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Fort Capuzzo, Libya captured...

Item # 584453

November 23, 1941

THE DETROIT FREE PRESS, Detroit, Michigan, November 23, 1941

* Fort Capuzzo captured
* Operation Crusader
* World War II - WWII

This 40+ page newspaper has a three column headline on the front page: "British Sweep On in Libya; Full Nazi Fury Batters Reds" with subhead: "Claim Capture of Ft. Capuzzo and Mastery of Air; Hit from Tobruk". This is a 1st report coverage on the British capture of Fort Capuzzo Libya during Operation Crusader in World war II.

Other news, sports and advertisements of the day. Minor margin wear, otherwise good condition.

wikipedia notes: On the XIII Corps front 22 November saw the New Zealand Division's 5th Brigade spread right and advance northeast to capture Fort Capuzzo on the main Sollum to Bardia Road.  The Brigade's attack on Bir Ghirba, south of Fort Capuzzo and the headquarters of the Savona Division, however, was not successful. Radio Rome reported:

    On the Solum front, fierce attacks launched by three enemy divisions against positions held by the Savona division have been

    smashed by the iron-like resistance of our troops. The attackers suffered further bloody losses and failed to achieve any success. More than twenty tanks were destroyed and many others were hit.

Meanwhile, to the south, 7th Indian Brigade captured the Sidi Omar and most of the Libyan Omar strongpoints, the two westernmost strongpoints of the Axis border defensive positions but attrition in its supporting tank units made further attacks on the other strongpoints impractical until replacement tanks could arrive.

One of the New Zealand military unit’s historians described the fighting days as the 7th Indian Brigade’s most difficult, with the men of the 4/16th Punjab Battalion having "fought all morning to overcome resistance" and the German 12th Oasis Company having "formed the backbone of the defence of the whole position".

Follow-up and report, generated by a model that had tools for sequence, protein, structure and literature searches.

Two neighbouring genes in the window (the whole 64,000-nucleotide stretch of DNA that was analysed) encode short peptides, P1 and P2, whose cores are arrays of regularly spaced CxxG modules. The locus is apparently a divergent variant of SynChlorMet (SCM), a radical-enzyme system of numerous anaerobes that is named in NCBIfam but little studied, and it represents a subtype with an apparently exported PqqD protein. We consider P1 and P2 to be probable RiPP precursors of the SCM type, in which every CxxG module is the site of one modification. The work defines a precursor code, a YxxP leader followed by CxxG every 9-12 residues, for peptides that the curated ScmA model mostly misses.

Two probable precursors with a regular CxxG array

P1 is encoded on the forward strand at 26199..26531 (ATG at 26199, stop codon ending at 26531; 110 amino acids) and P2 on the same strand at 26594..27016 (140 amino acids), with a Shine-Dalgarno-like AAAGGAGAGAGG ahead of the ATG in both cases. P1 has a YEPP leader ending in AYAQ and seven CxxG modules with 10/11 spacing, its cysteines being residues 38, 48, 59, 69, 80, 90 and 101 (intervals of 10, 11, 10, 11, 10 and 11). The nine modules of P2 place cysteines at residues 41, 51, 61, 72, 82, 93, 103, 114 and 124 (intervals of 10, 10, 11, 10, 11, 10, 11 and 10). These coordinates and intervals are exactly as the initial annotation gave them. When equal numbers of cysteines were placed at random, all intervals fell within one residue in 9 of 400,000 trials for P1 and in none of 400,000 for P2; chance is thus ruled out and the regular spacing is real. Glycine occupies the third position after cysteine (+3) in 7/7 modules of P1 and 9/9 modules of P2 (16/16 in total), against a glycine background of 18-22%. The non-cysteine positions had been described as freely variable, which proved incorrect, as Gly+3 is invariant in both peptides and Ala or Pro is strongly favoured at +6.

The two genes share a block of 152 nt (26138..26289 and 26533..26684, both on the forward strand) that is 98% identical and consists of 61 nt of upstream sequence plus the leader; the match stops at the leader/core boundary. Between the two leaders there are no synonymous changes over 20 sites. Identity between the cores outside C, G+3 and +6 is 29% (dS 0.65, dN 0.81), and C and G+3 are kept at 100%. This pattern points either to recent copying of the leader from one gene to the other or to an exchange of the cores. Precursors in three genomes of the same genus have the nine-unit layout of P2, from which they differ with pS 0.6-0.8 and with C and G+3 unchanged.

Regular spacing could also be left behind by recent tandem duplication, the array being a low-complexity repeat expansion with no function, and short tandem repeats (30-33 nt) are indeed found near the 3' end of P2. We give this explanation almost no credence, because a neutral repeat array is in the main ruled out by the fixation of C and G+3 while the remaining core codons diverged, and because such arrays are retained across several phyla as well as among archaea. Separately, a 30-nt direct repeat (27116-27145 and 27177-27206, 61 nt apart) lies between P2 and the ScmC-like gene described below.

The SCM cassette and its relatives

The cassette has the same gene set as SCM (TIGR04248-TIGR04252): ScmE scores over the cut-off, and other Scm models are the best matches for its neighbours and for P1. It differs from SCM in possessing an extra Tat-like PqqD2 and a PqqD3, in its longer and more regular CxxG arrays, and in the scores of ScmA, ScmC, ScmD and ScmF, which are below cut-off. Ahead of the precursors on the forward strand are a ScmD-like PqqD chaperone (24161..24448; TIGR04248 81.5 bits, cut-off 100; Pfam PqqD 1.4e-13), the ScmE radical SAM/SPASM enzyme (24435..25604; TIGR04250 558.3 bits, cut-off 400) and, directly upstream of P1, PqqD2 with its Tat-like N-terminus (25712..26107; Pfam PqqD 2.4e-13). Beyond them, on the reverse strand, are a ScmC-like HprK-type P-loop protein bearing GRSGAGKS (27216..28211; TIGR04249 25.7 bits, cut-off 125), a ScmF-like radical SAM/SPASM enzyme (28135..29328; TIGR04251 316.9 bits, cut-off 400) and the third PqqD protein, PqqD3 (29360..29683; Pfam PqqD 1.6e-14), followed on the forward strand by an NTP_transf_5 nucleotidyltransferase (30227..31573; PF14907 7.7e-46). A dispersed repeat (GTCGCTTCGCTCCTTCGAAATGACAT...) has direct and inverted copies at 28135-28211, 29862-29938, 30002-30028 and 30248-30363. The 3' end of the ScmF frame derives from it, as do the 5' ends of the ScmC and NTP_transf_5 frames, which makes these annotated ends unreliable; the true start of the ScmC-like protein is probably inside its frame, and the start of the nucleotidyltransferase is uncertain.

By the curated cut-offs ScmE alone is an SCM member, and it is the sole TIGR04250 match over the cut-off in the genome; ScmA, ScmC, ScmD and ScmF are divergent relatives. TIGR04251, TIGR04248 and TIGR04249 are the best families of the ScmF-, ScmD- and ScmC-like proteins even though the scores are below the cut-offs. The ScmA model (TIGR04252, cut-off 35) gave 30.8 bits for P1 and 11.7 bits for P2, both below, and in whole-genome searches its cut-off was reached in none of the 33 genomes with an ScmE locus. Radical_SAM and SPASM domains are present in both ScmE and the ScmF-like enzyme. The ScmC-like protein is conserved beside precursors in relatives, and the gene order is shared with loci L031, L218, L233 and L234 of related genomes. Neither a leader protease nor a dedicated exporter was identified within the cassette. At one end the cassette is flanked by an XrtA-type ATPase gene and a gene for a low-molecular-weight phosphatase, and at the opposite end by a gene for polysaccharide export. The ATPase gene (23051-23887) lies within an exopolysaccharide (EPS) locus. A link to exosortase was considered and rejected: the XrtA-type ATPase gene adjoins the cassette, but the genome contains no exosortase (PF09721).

Another version of the fighting is given in Information Bulletin Number 11, U.S. War Department. This says:

All Italians captured between 22 November and 23 November in the Omars belonged to the Savona Division and were reported to be tougher on the whole and better disciplined than the Italians of the Trento Division captured in December 1940 and June 1941. The prisoners were a well-clothed, well-disciplined group, who had put up a good fight and knew it. The 6 German and 52 Italian officers, as well as the 37 German technicians, were very bitter about their capture and would not speak.[30]

On 23 November 5th NZ Brigade continued its advance southeast down the main road from Fort Capuzzo towards Sollum and completed the cutting off of the Axis Sidi Omar - Sollum - Halfaya positions from Bardia and its supply route. Meanwhile, 6th NZ Brigade Group on the Division's left flank at Bir el Hariga had been ordered northwest along the Trigh Capuzzo (the track leading from Capuzzo to El Adem) to provide assistance to the hard-pressed 7th Armoured Division at Sidi Rezegh. They arrived at Bir el Chleta, some 15 miles (24 km) east of Sidi Rezagh, at first light on 23 November where they were delayed by a sharp firefight having stumbled on the Afrika Korps headquarters. The HQ was wrecked and most of its staff captured, although Cruewell himself had not been present at the time. As a result, no supplies got through to either panzer division on that day.

Later in the day the 4th NZ Brigade Group were also sent westward but north of 6th NZ Brigade to apply pressure on Tobruk itself, while 5th NZ Brigade remained covering Bardia and the Sollum / Halfaya positions.

Category: The 20th Century